I believed this film completely. I believed the characters, the scenarios, the relationships, how it was made, and the things the film stood for, and it was a joy to believe in them. It moved me, exhausted me, touched me and thrilled me. It's a faultless exercise in technical and emotional content, and a supreme piece of entertainment, one that will, if there is justice in the world, go on to become a modern classic.

Tuesday, 6 January 2015

Review of Kelly + Victor (2012)

Kieran Evan's "Kelly + Victory", based on the book of the same name by Niall Griffiths, opens with a sequence in which the eponymous Kelly (Antonia Campbell Hughes) watches a moth fly against a window. She is passive. does she empathise with the moth? Is she torturing it? Enjoying it suffer? We don't know, and will never know. Already an ambiguous tone is set here, in which we are shown the actions of characters without being told what they symbolise. The next scene, where Kelly meets Victor (Julian Morris) in a night-club on his birthday also highlights perfectly a certain poetic realism the film tries, and succeeds, and juggling throughout. Deep, romantic cello music plays, signalling a romantic union, but it also fades into the thumping 4/4 beat of traditional club music. The scene is also shot in a way that recalls a similar scene in Xavier Dolan's "I Killed My Mother", all red-lighting and smoke. In a sense, we are being given a real view and a romanticised, stylised view.

This, bravely, does not let up throughout the entire film, this expert balance of feeling and description, the simultaneous poeticisation and commitment to realism. It works brilliantly.

We follow Kelly and Victor home. They flirt. Talk. There's a certain spark here, and it's testament to the actors that we feel it ourselves. They are even comfortable enough around each other to take drugs. As sure as night follows day, they are making love, in a wonderful, beautiful scene. And before we know it, in the throes of their love-making, she has slipped her hands around his wrist and is strangling him. Wordlessly. There's something at the outer fringes of communication going on here, a mutual bond happening before us.

I've described up until about ten minutes into the film, and won't describe much more other than to say that, as you have probably guessed, their relationship is charted from this point onwards, and that the film is equal parts dual-character study and wonderfully rendered love story. I was impressed at the length to which Evans allows us to come to know the pair, and as a result the length to which we come to care about them. I have rarely become so invested in the fate of two characters, and a great, quivering, fragile emotional intensity is achieved by the final frame. There's a master's touch at work here, and it surprises me that this is Evan's first feature. This is the kind of masterpiece a director can only really dream of achieving.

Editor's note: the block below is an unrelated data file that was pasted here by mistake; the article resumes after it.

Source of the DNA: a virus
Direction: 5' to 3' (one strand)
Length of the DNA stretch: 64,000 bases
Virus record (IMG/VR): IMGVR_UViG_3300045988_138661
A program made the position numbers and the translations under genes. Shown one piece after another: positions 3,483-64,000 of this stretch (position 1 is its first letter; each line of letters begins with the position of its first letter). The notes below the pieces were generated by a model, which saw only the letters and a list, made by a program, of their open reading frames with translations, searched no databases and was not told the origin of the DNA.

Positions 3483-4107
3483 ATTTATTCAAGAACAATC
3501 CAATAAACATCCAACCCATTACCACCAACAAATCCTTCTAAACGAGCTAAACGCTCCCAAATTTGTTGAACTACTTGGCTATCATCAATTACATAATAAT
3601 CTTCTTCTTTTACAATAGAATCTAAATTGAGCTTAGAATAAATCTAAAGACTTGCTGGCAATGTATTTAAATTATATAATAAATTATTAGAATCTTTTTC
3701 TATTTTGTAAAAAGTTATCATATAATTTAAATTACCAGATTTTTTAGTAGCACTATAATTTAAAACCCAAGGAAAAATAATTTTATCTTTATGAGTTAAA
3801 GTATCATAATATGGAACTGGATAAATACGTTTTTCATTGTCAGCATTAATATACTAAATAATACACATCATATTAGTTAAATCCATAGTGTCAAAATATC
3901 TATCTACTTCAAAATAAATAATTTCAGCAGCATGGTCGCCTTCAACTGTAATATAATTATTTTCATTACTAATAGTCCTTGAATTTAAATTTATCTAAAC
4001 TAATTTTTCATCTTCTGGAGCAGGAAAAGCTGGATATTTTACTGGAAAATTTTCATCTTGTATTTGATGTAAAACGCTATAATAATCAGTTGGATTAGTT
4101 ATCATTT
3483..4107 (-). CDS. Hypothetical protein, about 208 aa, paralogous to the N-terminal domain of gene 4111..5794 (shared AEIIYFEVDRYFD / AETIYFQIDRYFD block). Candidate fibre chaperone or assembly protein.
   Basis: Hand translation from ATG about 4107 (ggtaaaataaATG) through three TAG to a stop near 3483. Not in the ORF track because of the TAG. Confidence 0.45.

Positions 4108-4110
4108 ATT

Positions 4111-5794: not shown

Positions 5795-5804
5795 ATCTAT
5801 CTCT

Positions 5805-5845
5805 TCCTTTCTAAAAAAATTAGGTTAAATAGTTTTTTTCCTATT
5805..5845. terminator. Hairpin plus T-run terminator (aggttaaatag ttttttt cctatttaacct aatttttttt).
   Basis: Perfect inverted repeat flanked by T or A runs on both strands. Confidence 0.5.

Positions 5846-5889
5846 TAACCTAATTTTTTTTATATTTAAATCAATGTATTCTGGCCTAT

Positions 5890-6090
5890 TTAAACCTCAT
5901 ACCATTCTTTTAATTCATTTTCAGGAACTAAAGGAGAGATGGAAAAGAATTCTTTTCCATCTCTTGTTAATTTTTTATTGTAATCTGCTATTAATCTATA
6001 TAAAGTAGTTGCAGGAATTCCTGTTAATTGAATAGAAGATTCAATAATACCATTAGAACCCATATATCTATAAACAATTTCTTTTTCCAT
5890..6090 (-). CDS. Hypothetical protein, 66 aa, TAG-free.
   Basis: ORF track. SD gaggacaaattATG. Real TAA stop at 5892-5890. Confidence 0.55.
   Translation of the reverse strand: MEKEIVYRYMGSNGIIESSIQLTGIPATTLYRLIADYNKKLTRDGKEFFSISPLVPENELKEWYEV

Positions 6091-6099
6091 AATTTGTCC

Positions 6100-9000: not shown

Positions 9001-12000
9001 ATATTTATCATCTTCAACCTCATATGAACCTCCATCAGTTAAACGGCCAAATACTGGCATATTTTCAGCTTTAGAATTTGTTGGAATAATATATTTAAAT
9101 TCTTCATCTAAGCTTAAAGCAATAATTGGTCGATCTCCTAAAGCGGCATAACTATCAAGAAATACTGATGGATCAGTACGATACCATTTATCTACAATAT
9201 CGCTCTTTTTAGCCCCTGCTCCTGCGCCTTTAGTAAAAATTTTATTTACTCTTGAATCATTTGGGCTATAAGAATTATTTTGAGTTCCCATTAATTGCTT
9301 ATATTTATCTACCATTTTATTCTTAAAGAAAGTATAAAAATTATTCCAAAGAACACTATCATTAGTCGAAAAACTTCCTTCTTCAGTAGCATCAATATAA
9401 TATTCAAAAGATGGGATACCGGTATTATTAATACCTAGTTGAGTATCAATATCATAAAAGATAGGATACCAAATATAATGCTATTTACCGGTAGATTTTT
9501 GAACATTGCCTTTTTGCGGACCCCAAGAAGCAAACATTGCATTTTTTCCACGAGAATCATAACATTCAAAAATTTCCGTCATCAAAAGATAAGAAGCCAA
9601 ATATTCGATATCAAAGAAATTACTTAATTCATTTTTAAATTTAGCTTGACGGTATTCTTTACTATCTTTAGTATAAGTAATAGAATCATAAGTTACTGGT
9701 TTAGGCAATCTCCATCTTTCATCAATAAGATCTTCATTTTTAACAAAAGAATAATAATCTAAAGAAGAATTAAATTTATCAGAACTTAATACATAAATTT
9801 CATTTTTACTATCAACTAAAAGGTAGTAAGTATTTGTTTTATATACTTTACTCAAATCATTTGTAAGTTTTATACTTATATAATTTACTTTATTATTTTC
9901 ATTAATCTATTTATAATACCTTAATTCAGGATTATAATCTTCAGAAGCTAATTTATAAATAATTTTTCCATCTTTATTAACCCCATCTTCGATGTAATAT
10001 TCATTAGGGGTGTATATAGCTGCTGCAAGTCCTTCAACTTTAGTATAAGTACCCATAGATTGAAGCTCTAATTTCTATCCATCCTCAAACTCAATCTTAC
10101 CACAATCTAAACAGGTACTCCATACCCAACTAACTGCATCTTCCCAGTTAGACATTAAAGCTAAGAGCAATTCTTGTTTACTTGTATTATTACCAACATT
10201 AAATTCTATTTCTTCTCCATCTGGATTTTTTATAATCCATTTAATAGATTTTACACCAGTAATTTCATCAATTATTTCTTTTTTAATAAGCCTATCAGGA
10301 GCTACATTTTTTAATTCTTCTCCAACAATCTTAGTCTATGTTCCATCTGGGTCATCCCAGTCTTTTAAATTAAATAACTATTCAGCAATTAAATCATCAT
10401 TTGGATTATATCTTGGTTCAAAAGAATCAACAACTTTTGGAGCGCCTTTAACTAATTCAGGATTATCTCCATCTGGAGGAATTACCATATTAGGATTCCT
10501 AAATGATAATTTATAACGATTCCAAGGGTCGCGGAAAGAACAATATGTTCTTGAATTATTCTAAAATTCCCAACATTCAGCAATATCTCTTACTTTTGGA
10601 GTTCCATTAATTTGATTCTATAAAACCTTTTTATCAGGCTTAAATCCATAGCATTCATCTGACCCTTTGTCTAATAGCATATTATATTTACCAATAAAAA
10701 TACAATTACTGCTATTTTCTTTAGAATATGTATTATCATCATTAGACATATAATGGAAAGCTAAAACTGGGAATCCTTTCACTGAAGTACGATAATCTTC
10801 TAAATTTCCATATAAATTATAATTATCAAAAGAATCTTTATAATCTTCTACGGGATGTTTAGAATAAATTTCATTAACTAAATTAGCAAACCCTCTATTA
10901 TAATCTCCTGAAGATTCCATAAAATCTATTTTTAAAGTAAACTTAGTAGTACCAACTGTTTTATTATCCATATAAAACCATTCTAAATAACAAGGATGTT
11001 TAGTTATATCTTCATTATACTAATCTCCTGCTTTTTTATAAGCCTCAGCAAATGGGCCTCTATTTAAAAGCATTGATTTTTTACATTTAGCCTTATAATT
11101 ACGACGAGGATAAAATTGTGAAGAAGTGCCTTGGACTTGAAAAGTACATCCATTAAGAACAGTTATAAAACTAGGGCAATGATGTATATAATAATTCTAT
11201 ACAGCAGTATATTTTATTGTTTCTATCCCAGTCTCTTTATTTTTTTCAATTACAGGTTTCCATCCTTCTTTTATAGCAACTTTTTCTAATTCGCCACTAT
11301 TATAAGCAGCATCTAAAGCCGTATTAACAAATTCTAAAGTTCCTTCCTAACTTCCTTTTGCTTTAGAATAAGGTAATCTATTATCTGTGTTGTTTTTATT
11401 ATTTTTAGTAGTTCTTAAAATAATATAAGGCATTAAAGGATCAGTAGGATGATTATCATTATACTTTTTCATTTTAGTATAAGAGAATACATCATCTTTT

What it hinges on, primarily, is its presentation of human sexuality, and whilst you may be thinking from what I have described that this is a document of an S+M relationship, this is no British '50 Shades of Grey'. Look at the scene where Kelly goes to an actual dominatrix's dungeon, and is visibly uncomfortable, where surely she should be in her element from how she's treated Victor. Instead of being about sadism and masochism in the traditional sense, the film is a document of two people who happen to satisfy each other in the most peculiar ways. The film is more of a rumination on the ways we psychologically medicate and express ourselves through sex.

It also, lovingly, describes British life in a way I greatly related to. I loved the scenes set in pubs, pub gardens, art galleries, and the countryside. Victor so adores the countryside is a lovely little touch that draws out his character and inspires awe in the viewer; we almost feel as one with nature as we watch it. Cinematographer Piers McGrail, who had worked in short films before this, has drawn a picture of the world as sensuous as the kind found in a Malick film, and as sensual as the kind found in a Marquez novel. And he has composed two masterful shots which will stay with me for some time; I won't say what they are, but they are climactic scenes in more ways than one, and focus on the solitude of the characters at respective points. Even picturing them in my head stirs deep emotions in my heart.

This is a rare, rare film. It's a cruel, harsh, wonderful, tender piece of work that with skill and precision uses two actors and their bodies to highlight the minutiae and great wonder of human sexuality. I was reminded of a number of other masterpieces of sex; Crash, Secretary, Shortbus, Shame, and in fact this film stands among them. It is a poem, requiem, hymn, soliloquy to the human body and the things we are capable of doing to ourselves and others.

It could even be one of my films of the decade come 2019, and believe me reader, that is not something I say lightly.